Etta’s Place is open Monday through Friday from 10 a.m. to 6 p.m. She is considering expanding her hours in the future.

Ettas sign

How to bring home a great shot from St. John

PHOTO St. John has lots of opportunities for snapshots.  But if you want more than a snap, you're going to have to do a little work.  Thankfully, an earlier issue of the St. John Sun Times has done some of that work for you, assisted by Bob Schlesinger of Tropical Focus.

In the article you'll learn when to shoot. Generally, the best time to take great photos is just before around sunset, between 5 p.m. and 6:30 p.m.  That's when the light has a soft and buttery feel.

Read moreHow to bring home a great shot from St. John

Virgin Islands business opportunities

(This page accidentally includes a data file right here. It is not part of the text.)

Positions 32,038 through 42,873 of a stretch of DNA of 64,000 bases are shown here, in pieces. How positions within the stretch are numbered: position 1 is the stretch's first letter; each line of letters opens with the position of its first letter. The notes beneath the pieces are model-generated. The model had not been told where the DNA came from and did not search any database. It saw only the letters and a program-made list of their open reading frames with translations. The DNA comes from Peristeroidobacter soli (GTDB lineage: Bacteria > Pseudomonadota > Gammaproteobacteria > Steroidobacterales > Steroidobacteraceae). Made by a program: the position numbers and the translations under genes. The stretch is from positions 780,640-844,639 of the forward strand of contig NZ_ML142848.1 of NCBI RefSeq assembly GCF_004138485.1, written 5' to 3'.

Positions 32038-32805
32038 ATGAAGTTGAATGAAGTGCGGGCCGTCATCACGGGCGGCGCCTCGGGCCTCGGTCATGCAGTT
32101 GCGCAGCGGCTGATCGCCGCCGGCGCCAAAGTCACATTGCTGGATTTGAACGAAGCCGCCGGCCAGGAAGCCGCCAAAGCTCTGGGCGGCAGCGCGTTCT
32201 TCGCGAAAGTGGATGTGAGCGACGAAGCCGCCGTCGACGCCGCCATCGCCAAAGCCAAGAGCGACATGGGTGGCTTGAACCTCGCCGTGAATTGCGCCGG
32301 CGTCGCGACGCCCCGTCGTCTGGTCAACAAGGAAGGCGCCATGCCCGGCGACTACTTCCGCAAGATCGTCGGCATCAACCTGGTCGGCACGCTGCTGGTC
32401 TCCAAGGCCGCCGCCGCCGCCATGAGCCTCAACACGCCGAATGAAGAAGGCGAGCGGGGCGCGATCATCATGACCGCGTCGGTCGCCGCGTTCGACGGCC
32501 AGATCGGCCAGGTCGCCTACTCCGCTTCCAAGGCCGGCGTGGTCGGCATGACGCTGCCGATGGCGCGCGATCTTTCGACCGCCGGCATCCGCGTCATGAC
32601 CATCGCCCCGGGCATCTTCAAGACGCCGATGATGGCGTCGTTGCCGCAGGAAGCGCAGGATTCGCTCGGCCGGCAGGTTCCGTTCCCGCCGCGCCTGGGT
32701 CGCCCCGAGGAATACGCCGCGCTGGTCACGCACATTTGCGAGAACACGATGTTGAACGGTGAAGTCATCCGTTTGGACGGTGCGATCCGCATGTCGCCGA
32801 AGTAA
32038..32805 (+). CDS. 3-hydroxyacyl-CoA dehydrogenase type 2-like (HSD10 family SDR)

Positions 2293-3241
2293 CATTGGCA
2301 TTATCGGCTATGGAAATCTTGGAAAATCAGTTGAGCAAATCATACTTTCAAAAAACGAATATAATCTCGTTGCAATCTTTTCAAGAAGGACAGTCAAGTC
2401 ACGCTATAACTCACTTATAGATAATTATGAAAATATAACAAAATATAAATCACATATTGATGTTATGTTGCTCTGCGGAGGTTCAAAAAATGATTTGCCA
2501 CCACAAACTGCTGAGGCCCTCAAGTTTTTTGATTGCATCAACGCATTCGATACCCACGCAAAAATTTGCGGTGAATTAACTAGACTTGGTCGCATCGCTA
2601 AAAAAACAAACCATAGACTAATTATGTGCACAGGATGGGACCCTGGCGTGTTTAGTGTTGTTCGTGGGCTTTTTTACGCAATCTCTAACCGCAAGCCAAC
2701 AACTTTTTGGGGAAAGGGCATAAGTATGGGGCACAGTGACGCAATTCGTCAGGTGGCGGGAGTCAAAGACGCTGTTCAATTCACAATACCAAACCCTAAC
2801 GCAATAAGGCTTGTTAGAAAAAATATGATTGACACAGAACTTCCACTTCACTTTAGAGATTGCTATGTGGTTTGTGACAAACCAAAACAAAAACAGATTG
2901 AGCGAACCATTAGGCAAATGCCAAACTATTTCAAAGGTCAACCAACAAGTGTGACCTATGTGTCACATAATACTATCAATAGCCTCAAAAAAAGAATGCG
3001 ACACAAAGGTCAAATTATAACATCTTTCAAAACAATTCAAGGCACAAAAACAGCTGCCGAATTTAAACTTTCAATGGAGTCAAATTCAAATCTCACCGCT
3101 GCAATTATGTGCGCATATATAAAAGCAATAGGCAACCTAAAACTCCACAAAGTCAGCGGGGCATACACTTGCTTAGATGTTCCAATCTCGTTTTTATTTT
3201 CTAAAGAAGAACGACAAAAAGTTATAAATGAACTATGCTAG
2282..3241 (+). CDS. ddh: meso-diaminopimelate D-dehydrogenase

There are some interesting businesses for sale on the island right now, but what if you're an entrepreneur and want to start your own? Forumites at the Virgin-Islands-On-Line.com site have been mulling this question.

Lsugolfer in Baton Rouge said "So, here's what I do when I sit in my cube and think about how crappy this is compared to STJ. Start a gas station or a 'Louisiana'-themed restaurant."

JMhouse said, "Ha ha. I'm in a cubicle, too, listening to someone else have a loud conversation on a speaker phone.  I'd much rather be the Park Ranger that leads the Reef Bay hikes."

Other suggestions people have for new island businesses.

  1. "A storage business where you could leave your snorkel gear/beach chairs, shoes and whatever you don't want to cart back and forth." (Diana2)